We have a national problem of civil disobedience leading to rioting and looting. Note the number of states (in yellow) that have already activated the National Guard. We should assume that the number of cities with protests will probably grow.

Let’s talk briefly about policing in America. After the Ferguson uprising in 2014, we were astonished at the militarization of the police. We also started paying closer attention to the number of police killings in the US, but since there was no central database, independent groups started to compile them.

Cities and towns introduced new policies designed to reduce police violence, starting with police wearing body cameras. But according to the Police Shootings Database, police in America killed more people in the US in 2019 than in 2015, and the number has risen every year since 2017.

If police killings are increasing despite widespread public attention and local reform efforts, shouldn’t we be asking why?

Minneapolis, like most other cities, has a civilian review board, but it didn’t prevent Chauvin from killing George Floyd. In fact, the review board had failed to impose consequences for any of the eighteen previous complaints made against Chauvin. This shows how little these review boards are doing to change behavior.

Can change happen through the ballot box? Minneapolis implies that voting isn’t enough: Minneapolis has a progressive mayor and a city council composed entirely of Democrats and Green Party members. But it doesn’t prevent out-of-control racist cops from killing people. The glue holding this broken system together is police unions.

From Eric Loomis:

“That our police are openly fascist is finally becoming apparent to a lot of liberals who really didn’t see it that clearly before…..The police are openly declaring war on the nation. They are raising their fascist flag instead of the American flag. They are blinding good journalists. It is completely unacceptable…”

Loomis specializes in labor unions and labor issues. He says that it is in the public’s interest to force the police unions to give up the blank check for violence that they currently have. The two concepts that should be written out of the union contracts are arbitration in discipline cases, and qualified immunity.  Qualified immunity is a concept in federal law that offers government officials immunity from harms caused by actions they perform as part of their official duties.

Because of qualified immunity, police act like the laws don’t apply to them. This is a legal obstacle blessed by the Supreme Court that’s nearly impossible to overcome when the police violate our Constitutional or civil rights.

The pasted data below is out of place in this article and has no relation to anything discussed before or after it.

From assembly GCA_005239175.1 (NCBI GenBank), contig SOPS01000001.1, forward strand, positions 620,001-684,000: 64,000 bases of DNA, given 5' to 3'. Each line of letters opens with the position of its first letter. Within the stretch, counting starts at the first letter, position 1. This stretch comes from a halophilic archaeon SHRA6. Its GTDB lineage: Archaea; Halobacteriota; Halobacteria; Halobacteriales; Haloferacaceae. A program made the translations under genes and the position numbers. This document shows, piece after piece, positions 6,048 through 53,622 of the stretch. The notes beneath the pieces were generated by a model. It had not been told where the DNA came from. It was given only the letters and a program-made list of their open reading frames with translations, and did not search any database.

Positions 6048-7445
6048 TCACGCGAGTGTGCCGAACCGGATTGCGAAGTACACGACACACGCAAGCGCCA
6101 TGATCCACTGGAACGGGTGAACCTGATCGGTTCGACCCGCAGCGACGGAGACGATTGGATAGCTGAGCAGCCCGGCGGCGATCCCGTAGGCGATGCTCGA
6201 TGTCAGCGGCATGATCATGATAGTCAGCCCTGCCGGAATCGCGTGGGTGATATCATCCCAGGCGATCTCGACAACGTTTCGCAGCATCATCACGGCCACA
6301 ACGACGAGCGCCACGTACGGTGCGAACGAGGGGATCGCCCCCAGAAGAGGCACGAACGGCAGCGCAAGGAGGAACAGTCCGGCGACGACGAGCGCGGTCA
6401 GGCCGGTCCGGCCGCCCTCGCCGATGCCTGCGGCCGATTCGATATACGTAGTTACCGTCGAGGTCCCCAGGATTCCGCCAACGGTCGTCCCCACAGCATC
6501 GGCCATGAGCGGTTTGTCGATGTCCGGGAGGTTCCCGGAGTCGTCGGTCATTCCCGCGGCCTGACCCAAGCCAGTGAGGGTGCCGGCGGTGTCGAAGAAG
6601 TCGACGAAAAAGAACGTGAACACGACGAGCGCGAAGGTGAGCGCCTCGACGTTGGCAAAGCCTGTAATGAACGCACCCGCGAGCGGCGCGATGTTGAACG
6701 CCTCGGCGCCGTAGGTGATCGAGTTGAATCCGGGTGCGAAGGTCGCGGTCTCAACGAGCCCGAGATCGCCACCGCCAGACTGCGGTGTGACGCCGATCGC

Despite that, blanket immunity shouldn’t absolve cops of responsibility for violence. Since they are state actors, the burden of proof should be on them to prove their violence was justified, not the other way around.

In many cases, the police unions are also run by bad people. In Chicago, the police union just elected as president a cop who has been reprimanded several times and is currently stripped of his police powers.

Minneapolis’s police union has a hard line and controversial president, Bob Kroll, who said that George Floyd had a “violent criminal history” and that the demonstrations were part of a “terrorist movement.”

Minnesota AG Keith Ellison blasted Kroll on “Fox News Sunday”:

“…he operates as sort of an alternative chief who, I think, undermines good order in the department.”

These are the kinds of people that rank and file police all across America want protecting them. That shows something about the true character of the rank and file.

Cities should pull the records of every cop with a double digit number of excessive force complaints and fire them. Force the unions to sue and then litigate it every step of the way. Make them defend the indefensible.

America needs stronger mayors, town councils and district attorneys who can be for “law and order” and also for protecting the rights of citizens who are swept up by day-to-day policing. We can have stronger public servants by voting them in.

Atlanta Mayor Keisha Bottoms says just that in this video, which everyone can see here:

As an aside, Mayor Bottoms looks to Wrongo like an excellent choice for the Democratic VP.

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Sunday Cartoon Blogging — Protesting and Looting Edition — May 31, 2020

Last Monday night in Minneapolis, 46-year old George Floyd was arrested. Police officer Derek Chauvin handcuffed him and pinned him to the ground, crushing his throat. Floyd died an hour later.